5. What did Billy Ripken have against ElRoy Face? Posted: May 05, 2022 at 07:37 PM (#6075433)
(3) Of course, he was praised for his "perfect mechanics," which mechanics (the M or inverted W or whatever you want to call it) led to his falling apart, despite what a magnificent physical specimen he was.
I know the "Dusty broke him" view has fallen thoroughly out of fashion now, but let's take a look...

2002 - Age 21 season. Average of 106.5 pitches per start, high of 135
2003 - Age 22 season. Average of 113.4 pitches per regular season start. Finished the season with a run of 131, 129, 109, 124, 131, 133. Then 133, 116 and 119 in the playoffs.
2004 - Age 23 season. Injured until July, then average of 98 pitches per start, high of 129. Some of the decrease was just because he wasn't as effective.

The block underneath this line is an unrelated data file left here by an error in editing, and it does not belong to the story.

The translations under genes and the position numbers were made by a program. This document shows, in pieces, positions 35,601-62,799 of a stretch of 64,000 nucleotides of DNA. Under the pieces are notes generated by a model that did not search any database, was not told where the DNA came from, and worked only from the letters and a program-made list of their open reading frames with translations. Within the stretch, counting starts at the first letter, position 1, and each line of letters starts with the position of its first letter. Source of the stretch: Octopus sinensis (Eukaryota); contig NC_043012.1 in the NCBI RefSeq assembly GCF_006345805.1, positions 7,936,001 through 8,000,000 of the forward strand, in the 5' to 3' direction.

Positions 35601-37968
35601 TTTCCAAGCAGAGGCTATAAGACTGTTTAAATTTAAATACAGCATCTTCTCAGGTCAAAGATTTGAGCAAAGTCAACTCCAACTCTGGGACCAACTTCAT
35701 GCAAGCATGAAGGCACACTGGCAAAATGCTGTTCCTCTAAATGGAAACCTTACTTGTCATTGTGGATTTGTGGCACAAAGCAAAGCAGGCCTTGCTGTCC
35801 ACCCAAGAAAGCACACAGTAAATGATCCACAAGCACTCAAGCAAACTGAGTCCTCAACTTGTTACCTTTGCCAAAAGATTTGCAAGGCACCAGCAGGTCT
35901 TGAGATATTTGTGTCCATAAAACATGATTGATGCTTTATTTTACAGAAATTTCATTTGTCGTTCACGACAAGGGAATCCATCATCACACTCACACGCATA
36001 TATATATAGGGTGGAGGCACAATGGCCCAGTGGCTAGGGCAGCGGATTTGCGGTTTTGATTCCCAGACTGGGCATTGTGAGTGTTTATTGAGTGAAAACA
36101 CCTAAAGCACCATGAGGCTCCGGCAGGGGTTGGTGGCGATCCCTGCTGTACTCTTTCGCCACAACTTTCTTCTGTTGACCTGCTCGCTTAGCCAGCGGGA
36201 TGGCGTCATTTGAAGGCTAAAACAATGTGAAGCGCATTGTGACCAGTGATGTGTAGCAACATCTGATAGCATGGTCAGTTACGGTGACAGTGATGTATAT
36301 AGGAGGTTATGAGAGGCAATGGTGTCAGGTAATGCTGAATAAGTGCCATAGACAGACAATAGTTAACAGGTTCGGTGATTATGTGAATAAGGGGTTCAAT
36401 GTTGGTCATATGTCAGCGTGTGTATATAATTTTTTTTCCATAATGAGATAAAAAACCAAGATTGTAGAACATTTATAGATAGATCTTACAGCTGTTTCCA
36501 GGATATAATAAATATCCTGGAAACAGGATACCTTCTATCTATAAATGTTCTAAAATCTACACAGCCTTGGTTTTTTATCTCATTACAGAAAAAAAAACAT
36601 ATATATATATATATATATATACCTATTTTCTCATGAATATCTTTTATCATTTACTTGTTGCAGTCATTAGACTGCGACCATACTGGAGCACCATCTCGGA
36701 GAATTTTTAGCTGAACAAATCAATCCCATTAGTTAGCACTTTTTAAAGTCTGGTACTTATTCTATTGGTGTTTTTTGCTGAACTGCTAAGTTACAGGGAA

2005 - Age 24 season. Average of 104 pitches per start, high of 131.
2006 - Age 25 season. Nine totally ineffective starts, end of career.

   6. Zach Posted: May 05, 2022 at 08:11 PM (#6075436)
In that playoff game in 2003, he just looked like the next great pitcher. Physically imposing, and throwing great stuff right where he wanted, every time. Really a shame the arm broke down.
   7. Never Give an Inge (Dave) Posted: May 06, 2022 at 09:02 AM (#6075495)

Well, I'm old.
   8. SoSH U at work Posted: May 06, 2022 at 10:20 AM (#6075504)
2002 - Age 21 season. Average of 106.5 pitches per start, high of 135


Dusty's abusive power is so strong he can even overuse a Cubs pitcher from the dugout in San Francisco.

Actually, I think Baker did work Prior too hard in the pursuit of that pennant in 2003, and that use could very well have been a contributing factor for his breakdown. I think the Dusty Destroys Pitchers idea has kind of faded because he hasn't left a stockpile of wrecked arms in his wake.
   9. The Duke Posted: May 06, 2022 at 11:48 AM (#6075517)
They are making HOF plaques with more words. They could probably sneak in Dusty Destroys Pitchers somewhere near the bottom. It wouikd make it a more well rounded approach.

Imagine what you could do with a Cobb or LaRussa plaque